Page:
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What you should read in 2019

Most avid readers not only read several books at a time, but they have backups close at hand and wish lists of upcoming books to read. Here’s some books due out this year that readers should anticipate compiled from the New York Times Book Review and Publishers Weekly.

Dave Cullen, Edgar Award-winner for Best True Crime in 2009, will apply the same skills he did in his book “Columbine” to examine another school shooting in “Parkland.”

Jeff Guinn writes about good friends Henry Ford, Thomas Edison and, eventually, Harvey Firestone in “Vagabonds.” Beginning in 1914, the triumvirate of inventors went on a road trip to the Florida Everglades, camping along the way. Those road trips would continue until 1925 and included sojourns to the Upper Peninsula.

There will be a plethora of books on a travel destination that will take you a little further than the Upper Peninsula, as the moon landing celebrates its 50th anniversary on July 20. Included are the photographic history “Picturing Apollo 11: Rare Views and Undiscovered Moments,” by J.L. Pickering and John Bisney, “American Moonshot: John F. Kennedy and the Great Space Race,” by noted historian Douglas Brinkley, and “Shoot for the Moon: The Space Race and the Extraordinary Voyage of Apollo 11,” by James Donovan.

Music buffs will appreciate Peter Doggett’s new book “CSNY,” about harmony-rockers Crosby, Stills, Nash and Young, and fans of the illustrator Theodor Geisel will love “Becoming Dr. Seuss: Theodor Geisel and the Making of an American Imagination,” by Brian Jay Jones.

Not to be missed is Alex Kotlowitz’s “An American Summer: Love and Death in Chicago” on the oppressive gun violence haunting Chicago. Kotlowitz, who once worked on an alternative newspaper in Lansing, first looked at race in America in his book “Other Side of the River: A Story of Two Towns, a Death and America’s Dilemma.”

You can also expect a bevy of books on Donald Trump and his presidency. One anxiously awaited book is “The Best People: The Inside Story,” by Alexander Nazaryan, about cronyism within the Trump adminstrati The titles: “The Border” and “A Dangerous Man” may sound like books on Trump, but they are actually books by two major mystery-thriller writers Don Winslow and Robert Crais.

Joining them are Barry Eisler’s “The Killer Collective,” a crime novel about a child pornography ring, “The Lost Girls of Paris” by Pam Jenoff, an unusual espionage story about a group of World War II spies, and the long-awaited “New Iberia Blues,” by James Lee Burke, which takes us into the Louisiana backwoods.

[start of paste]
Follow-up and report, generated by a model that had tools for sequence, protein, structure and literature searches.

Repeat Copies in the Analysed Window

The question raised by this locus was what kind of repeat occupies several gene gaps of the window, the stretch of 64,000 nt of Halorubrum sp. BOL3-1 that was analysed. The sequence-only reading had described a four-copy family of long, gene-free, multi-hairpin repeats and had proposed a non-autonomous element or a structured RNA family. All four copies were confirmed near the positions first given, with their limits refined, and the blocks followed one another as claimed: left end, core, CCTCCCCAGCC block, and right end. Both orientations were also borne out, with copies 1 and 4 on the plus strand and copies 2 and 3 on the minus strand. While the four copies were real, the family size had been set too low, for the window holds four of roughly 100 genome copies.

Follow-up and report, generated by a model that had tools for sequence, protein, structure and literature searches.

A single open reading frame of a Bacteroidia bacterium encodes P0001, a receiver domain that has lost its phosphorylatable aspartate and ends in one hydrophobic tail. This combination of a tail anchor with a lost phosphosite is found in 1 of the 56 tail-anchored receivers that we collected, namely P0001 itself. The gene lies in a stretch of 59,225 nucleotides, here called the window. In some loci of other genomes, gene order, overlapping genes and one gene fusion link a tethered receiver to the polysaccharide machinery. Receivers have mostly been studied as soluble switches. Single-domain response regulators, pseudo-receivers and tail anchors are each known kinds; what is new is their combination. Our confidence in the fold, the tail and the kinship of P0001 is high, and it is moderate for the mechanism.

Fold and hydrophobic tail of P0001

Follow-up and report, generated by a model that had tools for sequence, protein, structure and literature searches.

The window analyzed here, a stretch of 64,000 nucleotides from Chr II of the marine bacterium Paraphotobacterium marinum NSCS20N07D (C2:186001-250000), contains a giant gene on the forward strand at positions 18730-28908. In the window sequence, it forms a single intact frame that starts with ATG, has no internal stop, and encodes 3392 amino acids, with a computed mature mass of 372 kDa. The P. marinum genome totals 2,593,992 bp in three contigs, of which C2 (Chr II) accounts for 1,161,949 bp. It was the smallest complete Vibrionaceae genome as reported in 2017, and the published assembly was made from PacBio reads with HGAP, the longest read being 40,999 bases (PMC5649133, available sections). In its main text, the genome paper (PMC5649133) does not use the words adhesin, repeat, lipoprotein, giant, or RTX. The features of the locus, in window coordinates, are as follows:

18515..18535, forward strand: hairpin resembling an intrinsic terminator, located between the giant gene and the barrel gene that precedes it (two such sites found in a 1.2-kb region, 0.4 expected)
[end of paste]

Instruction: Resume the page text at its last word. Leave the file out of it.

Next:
Three authors we’ve come to expect big things from: Colson Whitehead, Elizabeth McCracken and Margaret Atwood, have books being published this next year.

Whitehead’s new book “The Nickel Boys” follows two inmates at the infamous Nickel reform school in Florida. Atwood will release a graphic novel version of her popular “Handmaid’s Tale” and its sequel, “The Testaments,” which answers the question of what happened to Offred. McCracken creates a compelling family saga in “Bowlaway” about a mysterious woman with a cloudy past who opens a bowling alley in a small New England town.

Books that will take us back in time are “Votes for Women!: American Suffragists and the Battle for the Ballot,” by Winifred Conkling, which examines the quest for women’s right to vote, and “The Amusement Park,” by Stephen Silverman, a history of a piece of Americana that still thrills and frightens us today.

George Takei’s look at Japanese internment, “They Called Us Enemy,” takes the form of a graphic novel. “Savage Conversations,” by Leanne Howe, is an eerie mash-up that ties President Lincoln’s mass 1862 execution of 38 Dakota warriors to the hallucinations of Mary Todd Lincoln. In this version, the nightly visit of a “Savage” haunts the opiate-addicted spouse of the president.

The life of a larger-than-life artist is considered in the book “Michael Heizer.” Heizer, who created Lansing’s most famous lost sculpture “This Equals That,” is put under the microscope. Detroiter Jeff Morrison delves into the history of Detroit’s architectural sculpture in the book “Guardians of Detroit: Architectural Sculpture in the Motor City.”

The graphic novel that will surely be on City Pulse writer Lawrence Cosentino’s list is “Nobody’s Fool: The Life and Times of Schlitzie the Pinhead,” by Bill Griffith, about a micro-cephalic freak show performer and his role in the cult film “Freaks.” Griffith is the creator of Zippy the Pinhead, which itself has reached cult status. Cosentino interviewed Griffith for an article in Pulse when Griffith included Lansing's Knapp’s Centre in a comic strip.

Another graphic novel “Bebop Barbarians,” by Gary Phillips and illustrator Dale Berry, looks at three African American comic book artists in late ‘50s Manhattan. Phillips weaves the jazz scene, the civil rights movement and the Red Scare into a well written and illustrated novel that evokes a conflicted time in U.S. History.

Finally, a book to treasure will be a collection of articles by journalist-author Gabriel Garcia Marquez titled “The Scandal of the Century.”


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